Central Asia: On the brink of a historic moment

While the international community is focused on Middle East, Russian Far East and Central Asia are showing signs of change as well as the Pasific.

19 October 2016 12:49

Whenever I talk to “old Turanists” I am quite impressed by the way they see the 90s; with a lovely nostalgia. The joy and enthusiasm of the unveiling of the iron curtain and battle cries “To the Ancestral Lands!”, while witnessing post-soviet tragedies like those depicted in Nicholas Cage’s famous “Lord of War” movie on the other hand… Undoubtedly the 90s were the era when Turkey managed to re-establish its ties with the rest of the Turkic World, however, undoubtedly indeed, Turkey as a state, as well as Turkish nationalism as an ideology, were caught unprepared.

A Turkic union, a “Union in language, ideas and deeds”, according to a Crimean Tatar intellectual İsmail Gaspıralı, has always been a beautiful dream; however the history repeatedly taught us that mere sincere emotions are not sufficient to make see dreams come true. Of course it is wonderful that Turkic World has its cherished place in people’s hearts, conscience and mind, but the realistic vision to reach the goal and the realities of the Turkic World are more important. (As we are more emotional and less rational-realistic regarding the issues of Turkic World, the so called rational reports and publications on this issue are usually made by those who serve Russian interests; this is an important matter in its own right.)

Nowadays I am observing a new opportunity to arise in Central Asia, though not as clear, visible and advantageous as the one we missed in the 90s. To analyze the matter It is important to understand that these Central Asian countries are landlocked. Even if they develop a vast and effective industry and sell their natural resources themselves, they will still have to reach the sea and connect themselves with the international trade and communication routes.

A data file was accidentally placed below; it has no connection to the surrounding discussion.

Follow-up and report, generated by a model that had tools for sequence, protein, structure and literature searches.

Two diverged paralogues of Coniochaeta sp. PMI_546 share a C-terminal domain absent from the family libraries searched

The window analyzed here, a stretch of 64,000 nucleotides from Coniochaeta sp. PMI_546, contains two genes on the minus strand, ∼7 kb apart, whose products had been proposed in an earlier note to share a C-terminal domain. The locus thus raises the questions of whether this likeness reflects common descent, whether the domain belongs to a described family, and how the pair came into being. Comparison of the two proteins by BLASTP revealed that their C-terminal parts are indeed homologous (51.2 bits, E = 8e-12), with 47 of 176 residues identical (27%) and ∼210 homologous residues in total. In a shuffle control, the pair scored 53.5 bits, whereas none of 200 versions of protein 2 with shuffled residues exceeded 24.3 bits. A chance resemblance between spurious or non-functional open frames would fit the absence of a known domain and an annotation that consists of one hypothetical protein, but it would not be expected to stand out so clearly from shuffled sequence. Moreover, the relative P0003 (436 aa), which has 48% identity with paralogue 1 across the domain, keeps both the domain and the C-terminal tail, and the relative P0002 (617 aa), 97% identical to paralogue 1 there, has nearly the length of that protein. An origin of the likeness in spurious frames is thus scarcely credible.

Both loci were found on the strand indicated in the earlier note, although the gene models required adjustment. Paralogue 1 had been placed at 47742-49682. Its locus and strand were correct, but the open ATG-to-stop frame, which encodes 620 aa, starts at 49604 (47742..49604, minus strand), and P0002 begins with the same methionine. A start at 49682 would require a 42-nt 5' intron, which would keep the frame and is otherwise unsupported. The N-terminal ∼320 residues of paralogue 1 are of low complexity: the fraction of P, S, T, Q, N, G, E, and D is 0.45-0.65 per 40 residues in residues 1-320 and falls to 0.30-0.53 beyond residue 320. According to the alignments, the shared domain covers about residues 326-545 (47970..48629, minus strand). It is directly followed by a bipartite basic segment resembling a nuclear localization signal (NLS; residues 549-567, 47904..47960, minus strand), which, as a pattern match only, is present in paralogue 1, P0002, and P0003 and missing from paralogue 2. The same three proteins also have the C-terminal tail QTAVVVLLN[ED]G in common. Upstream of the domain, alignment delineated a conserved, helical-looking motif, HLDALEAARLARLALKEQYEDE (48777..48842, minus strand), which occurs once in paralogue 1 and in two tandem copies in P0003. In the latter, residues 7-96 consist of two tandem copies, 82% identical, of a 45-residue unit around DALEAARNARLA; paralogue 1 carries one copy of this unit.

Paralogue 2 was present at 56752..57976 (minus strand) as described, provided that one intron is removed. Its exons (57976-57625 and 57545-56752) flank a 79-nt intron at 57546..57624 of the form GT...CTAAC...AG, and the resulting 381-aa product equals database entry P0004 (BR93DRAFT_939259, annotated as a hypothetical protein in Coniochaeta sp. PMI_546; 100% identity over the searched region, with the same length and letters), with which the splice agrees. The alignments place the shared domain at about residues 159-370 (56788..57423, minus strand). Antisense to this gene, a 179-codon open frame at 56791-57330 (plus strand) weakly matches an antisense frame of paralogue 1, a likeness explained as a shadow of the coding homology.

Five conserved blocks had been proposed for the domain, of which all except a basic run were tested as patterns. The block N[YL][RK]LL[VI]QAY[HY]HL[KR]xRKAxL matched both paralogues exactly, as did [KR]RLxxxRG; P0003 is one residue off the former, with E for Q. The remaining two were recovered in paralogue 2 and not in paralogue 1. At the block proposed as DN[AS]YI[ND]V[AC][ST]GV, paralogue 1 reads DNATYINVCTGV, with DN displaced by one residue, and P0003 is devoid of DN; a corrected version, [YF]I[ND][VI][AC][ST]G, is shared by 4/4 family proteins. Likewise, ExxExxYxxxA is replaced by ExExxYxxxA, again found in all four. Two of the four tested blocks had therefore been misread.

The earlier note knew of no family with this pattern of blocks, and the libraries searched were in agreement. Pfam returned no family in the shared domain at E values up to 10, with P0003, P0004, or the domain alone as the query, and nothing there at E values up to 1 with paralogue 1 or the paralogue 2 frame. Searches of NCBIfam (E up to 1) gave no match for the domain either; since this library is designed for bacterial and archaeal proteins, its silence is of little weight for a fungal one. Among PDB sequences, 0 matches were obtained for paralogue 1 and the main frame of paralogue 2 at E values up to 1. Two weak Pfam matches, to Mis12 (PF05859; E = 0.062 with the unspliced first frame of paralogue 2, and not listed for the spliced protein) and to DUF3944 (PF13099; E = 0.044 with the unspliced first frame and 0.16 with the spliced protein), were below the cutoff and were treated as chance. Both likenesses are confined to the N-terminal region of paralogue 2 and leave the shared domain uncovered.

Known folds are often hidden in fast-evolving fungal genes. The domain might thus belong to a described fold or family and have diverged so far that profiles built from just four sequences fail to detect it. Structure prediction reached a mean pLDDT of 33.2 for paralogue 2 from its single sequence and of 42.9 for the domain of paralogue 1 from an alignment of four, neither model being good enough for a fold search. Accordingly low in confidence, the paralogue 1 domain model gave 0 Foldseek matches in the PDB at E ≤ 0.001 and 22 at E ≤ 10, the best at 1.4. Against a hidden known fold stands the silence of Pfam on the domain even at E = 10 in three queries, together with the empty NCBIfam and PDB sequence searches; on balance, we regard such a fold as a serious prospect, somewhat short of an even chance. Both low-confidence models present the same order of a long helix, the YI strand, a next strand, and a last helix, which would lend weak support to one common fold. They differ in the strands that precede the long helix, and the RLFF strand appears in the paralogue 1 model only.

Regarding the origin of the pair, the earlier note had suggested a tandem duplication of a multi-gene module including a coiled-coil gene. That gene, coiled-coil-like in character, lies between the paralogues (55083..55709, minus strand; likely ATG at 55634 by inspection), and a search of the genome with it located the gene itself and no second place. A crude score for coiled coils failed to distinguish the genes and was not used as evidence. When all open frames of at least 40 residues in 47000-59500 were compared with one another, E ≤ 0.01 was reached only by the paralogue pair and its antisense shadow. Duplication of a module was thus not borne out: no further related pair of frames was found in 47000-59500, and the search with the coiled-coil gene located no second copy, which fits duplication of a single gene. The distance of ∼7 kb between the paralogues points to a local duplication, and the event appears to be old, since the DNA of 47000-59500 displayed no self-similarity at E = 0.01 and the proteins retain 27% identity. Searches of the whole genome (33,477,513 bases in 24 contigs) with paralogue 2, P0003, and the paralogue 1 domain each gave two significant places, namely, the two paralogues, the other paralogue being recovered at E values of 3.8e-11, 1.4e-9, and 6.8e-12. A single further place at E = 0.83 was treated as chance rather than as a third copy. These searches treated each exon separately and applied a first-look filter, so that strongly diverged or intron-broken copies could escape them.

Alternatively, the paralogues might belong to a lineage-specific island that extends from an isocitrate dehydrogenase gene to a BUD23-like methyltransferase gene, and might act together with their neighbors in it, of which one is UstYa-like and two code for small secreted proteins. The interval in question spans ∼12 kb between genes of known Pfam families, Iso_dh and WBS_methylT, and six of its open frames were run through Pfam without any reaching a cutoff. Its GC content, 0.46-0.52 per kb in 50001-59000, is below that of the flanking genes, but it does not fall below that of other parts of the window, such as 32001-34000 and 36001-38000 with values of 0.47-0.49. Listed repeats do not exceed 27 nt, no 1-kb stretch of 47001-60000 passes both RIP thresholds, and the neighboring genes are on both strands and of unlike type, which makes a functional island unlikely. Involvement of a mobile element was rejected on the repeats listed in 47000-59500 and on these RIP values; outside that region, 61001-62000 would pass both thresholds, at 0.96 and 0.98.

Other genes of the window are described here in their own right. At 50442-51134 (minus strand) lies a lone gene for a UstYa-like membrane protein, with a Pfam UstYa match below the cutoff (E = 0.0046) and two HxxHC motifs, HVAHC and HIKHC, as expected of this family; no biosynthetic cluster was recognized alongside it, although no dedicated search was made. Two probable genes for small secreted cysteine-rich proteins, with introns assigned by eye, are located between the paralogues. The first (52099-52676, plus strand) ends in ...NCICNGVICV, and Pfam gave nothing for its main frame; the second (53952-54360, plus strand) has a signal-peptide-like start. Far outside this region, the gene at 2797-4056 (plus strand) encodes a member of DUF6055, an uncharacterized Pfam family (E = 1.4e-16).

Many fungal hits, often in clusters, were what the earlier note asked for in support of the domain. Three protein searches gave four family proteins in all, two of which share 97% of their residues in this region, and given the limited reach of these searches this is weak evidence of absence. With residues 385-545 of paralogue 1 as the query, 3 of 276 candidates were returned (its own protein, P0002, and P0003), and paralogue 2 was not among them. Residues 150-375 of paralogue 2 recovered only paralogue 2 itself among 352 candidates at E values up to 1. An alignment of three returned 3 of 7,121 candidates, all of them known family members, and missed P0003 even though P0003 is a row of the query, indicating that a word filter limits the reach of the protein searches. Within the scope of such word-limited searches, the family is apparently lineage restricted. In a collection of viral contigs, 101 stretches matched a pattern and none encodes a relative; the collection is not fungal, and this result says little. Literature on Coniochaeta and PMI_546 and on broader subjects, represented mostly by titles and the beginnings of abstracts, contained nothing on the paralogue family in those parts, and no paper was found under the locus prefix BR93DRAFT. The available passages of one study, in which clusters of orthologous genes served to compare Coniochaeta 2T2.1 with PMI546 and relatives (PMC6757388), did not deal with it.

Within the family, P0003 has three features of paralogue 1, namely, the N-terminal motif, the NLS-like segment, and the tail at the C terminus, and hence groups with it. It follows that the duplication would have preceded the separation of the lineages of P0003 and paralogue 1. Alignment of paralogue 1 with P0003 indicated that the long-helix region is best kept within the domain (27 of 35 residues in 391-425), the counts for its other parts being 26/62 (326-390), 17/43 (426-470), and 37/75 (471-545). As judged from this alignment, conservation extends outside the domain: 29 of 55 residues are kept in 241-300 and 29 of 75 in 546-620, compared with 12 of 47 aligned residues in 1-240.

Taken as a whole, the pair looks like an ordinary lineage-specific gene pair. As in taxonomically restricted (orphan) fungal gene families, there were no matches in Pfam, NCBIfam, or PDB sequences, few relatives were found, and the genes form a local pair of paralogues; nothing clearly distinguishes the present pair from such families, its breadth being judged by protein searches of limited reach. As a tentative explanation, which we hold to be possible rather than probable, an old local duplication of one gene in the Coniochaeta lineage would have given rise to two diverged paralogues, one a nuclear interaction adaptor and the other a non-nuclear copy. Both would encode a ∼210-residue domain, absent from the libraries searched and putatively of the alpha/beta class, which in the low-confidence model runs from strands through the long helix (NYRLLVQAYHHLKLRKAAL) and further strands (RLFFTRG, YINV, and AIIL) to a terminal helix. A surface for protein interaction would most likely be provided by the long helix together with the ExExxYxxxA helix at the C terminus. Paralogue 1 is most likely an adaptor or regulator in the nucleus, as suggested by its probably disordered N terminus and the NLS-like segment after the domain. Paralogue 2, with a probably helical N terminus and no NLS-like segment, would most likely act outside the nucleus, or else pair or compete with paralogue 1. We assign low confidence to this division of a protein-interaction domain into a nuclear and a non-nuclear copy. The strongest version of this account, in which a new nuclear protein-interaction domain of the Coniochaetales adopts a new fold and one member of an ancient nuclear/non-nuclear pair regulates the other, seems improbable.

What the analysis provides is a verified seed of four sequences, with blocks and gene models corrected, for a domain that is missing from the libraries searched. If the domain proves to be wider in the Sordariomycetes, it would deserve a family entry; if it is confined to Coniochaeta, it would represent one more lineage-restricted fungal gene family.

This is why one of the “hottest” regions in the world, after Middle East, is the North Pole. There are new settlements along the northern coasts of Canada and Russia are being established as the North Sea emerges as an alternative route that decreases the shipment costs and time required to transport goods. Besides, another reason that “heats” the region is the race to exploit the rich natural reserves in the region.

Landlocked and away from trade routes, Central Asian states are quite unlucky; Turks in the region have always flourished due to the Silk Road, as well as connected with the rest of the world. The reason for the region once managed to raise intellectual-kings like Tamerlane and Babür Shah, is now somehow backwards; as well as the deliberate Soviet policy that left the region dependent on Russia, destroyed its nature and overexploited its resources.

However, Russia is now experiencing hardships to fulfill its function since Soviet era: Russian trade is in decline, economic sanctions are being felt at its worst. I do not want to suffocate the reader with lots of data and statistics, but in general, there’s a decline in cash flow and trade from Russia to the region. Moreover, the low oil prices directly affect these countries as it is also indirectly affected by crushing the Russian economy.